REI comes with massive profit potential—but of course, lots of risk, too. What are the best ways to protect your initial investment and increase profit?
Real estate investing is inherently risky, no matter what assets you have and which strategy you use. The key to successful investment doesn’t necessarily lie in whether or not it involves risk, but what you do with the risk. Unwise investors risk everything they have on a bet, while wise investors avoid putting themselves in a situation where they could lose everything.
But where should you focus your attention on reducing risk and gaining the most momentum? There are eight areas I’ve found to be the most beneficial for investors at any stage of their business. Let’s dive in.
1. Ask Simple Questions First
One of the best things you can do to mitigate risk with your investments is to perform your own simple risk analysis of the property. Ask yourself the following fundamental questions about the property:
Risk Factors You Need to Know Before Making a Real Estate Purchase
- Is the property ANYTHING other than a single-family residential/townhouse/condo property?
- Is the property a manufactured or mobile home?
- Will the property be occupied at closing?
- Is the property a cabin, vacation home, or other recreational property?
- Does the property have SIGNIFICANT mold issues (with a cost-to-cure greater than $5k)?
- Has the property had ANY fire damage (with a cost-to-cure greater than $5k)?
- Is the property less than 900 square feet?
- Are you adding to the property footprint or adding new exterior walls?
- Does the property have ANY foundation problems or roof truss problems (with a cost-to-cure greater than $5k)?
Layered Risk Factors You Should Consider
- Is the property within 100 miles of the coast or a high-risk flood plain?
- Has the property been vandalized?
- Is the property in a high-crime area?
- Is the property in a high-rental neighborhood?
- Are the average days on the market for the neighborhood 120 days or longer?
- Is the property near commercial buildings, active railroad tracks, or a major street?
- Is there more than one boarded-up home in the neighborhood within a 1/4 mile?
These questions will determine the overall risk factor of your deal. If you can answer yes to any of these questions, you may want to rethink whether this is the right deal for your business.
2. Diversify Your Portfolio with Different Types of Investments
Diversifying your investment portfolio is a fantastic way to ensure your business has consistent revenue streams that aren’t severely affected by market turns. We highly recommend starting your investments with wholesale deals. Wholesaling is the lowest risk and is an excellent way to invest in real estate without needing a ton of money.
Then, you can take a portion of the profit of the wholesale deal and invest in a fix and flip property. When you’re ready to take on, even more, we recommend you start flipping multiple properties at once. In addition, consider adding a few rental properties that bring in regular, steady income. Soon enough, you’ll be a real estate tycoon with a diversified portfolio that keeps your business afloat no matter the circumstances.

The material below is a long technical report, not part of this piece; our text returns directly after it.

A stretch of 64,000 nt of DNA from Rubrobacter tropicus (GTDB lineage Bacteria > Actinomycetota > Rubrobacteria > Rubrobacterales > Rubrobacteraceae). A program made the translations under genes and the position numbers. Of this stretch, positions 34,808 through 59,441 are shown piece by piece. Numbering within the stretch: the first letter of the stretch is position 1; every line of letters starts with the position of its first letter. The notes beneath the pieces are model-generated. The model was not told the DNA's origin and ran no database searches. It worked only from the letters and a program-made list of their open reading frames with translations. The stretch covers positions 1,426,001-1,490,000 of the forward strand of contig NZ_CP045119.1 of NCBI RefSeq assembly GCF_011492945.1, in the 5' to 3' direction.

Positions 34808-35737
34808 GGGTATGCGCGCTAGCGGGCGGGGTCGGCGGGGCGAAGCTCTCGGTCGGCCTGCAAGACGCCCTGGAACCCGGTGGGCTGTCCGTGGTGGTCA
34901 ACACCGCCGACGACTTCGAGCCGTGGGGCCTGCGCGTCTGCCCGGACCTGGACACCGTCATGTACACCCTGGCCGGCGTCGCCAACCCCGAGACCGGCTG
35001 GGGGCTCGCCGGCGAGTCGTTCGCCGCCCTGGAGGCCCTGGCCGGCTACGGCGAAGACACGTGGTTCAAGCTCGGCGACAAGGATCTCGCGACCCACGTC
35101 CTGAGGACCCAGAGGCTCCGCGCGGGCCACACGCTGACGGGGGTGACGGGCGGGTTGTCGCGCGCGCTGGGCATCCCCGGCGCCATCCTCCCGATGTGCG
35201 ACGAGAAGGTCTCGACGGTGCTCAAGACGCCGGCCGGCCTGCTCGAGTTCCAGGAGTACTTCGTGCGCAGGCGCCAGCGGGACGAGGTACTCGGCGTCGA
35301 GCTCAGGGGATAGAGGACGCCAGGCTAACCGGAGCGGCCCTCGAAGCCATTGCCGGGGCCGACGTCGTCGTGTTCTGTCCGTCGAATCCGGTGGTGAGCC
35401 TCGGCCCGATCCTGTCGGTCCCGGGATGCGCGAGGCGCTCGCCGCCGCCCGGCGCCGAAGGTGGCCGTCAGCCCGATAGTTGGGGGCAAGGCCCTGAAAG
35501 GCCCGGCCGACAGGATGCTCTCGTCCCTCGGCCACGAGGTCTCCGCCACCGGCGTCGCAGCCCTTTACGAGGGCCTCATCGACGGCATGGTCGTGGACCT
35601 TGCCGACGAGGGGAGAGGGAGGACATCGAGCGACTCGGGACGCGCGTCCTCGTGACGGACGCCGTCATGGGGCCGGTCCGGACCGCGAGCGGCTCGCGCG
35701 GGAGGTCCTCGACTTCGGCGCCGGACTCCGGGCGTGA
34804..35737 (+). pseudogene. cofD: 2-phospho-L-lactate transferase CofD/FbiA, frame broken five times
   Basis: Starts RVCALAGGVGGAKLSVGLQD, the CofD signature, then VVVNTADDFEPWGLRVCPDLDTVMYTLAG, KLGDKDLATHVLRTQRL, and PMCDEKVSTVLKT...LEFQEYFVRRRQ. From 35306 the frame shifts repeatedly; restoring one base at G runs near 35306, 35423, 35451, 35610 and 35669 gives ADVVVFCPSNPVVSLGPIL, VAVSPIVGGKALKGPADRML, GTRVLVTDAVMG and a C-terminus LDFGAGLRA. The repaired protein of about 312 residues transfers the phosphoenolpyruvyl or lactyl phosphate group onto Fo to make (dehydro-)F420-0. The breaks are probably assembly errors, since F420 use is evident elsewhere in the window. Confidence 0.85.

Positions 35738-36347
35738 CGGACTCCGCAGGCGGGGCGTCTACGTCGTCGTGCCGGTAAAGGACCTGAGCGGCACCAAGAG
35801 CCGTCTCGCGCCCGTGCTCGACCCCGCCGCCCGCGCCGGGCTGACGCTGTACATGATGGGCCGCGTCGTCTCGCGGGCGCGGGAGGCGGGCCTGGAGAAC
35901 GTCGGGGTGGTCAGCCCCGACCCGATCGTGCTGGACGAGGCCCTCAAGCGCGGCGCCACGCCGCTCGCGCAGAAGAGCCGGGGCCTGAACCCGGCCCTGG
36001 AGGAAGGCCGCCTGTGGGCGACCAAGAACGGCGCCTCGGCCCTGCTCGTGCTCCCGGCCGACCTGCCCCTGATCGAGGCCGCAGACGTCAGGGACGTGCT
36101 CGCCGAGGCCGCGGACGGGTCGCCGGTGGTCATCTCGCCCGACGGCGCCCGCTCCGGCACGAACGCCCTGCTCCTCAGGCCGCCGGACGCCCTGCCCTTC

3. Invest in Real Estate Across the Country
When you first start out doing fix & flips, it’s a wise move to stay local so that you’re 100% involved in every step of the flipping process. You can negotiate with sellers face-to-face, oversee the rehab progress and execute a lot of the marketing yourself in local areas.
Once you get more comfortable and begin generating a steadier revenue, you can spread your investments out to other hot markets. By branching out of your area, you’ll be able to try out new markets that might have better returns on investment than your own. Investing in different regions also allows you to work in states that have lower taxes or better small business initiatives like local grants for neighborhood improvements that lower your bottom line and make it easier to turn a profit.
To give you an idea of just how diverse markets are around the United States, here are the top five cities for fix & flips in 2021:
|City||Average ROI on Real Estate Investment (2021)|
Are you able to earn a 128.12% return in your town? If not, it might be a good idea to plan for expansion in 2022 and beyond. Remember to go slowly, though, since you’ll be giving up a lot of the oversight that made you successful before.
4. Invest in Your Education
You may have thought you were done with school years ago, but stopping your education is a terrible investment strategy. To give you an idea of how much money you’re leaving on the table by not putting more effort into your education, here’s how the numbers add up for the 400 wealthiest people in the United States and the amount of education they have:
|Level of Education||Number of Richest Americans (out of top 400 billionaires)|
|High School Degree||27|
Look, it’s true that we’ve got uber-rich people in the US who never received their bachelor’s degree like Bill Gates and Mark Zuckerburg. They, however, are the exception to the rule and shouldn’t be used as an excuse not to learn more about anything and everything you can.
Keep in mind that I’m not necessarily advocating you go to night school to get that MBA, but you should make some kind of effort to learn more about any subject that makes you a better real estate investor. Learn basic carpentry or plumbing, try taking a few bookkeeping classes, read up on being a more productive entrepreneur, sign up for an REI-based networking group, hire a coach, whatever you want! Don’t risk your business by pretending you know it all; learn what you need to know to mitigate your risk in an already risky industry.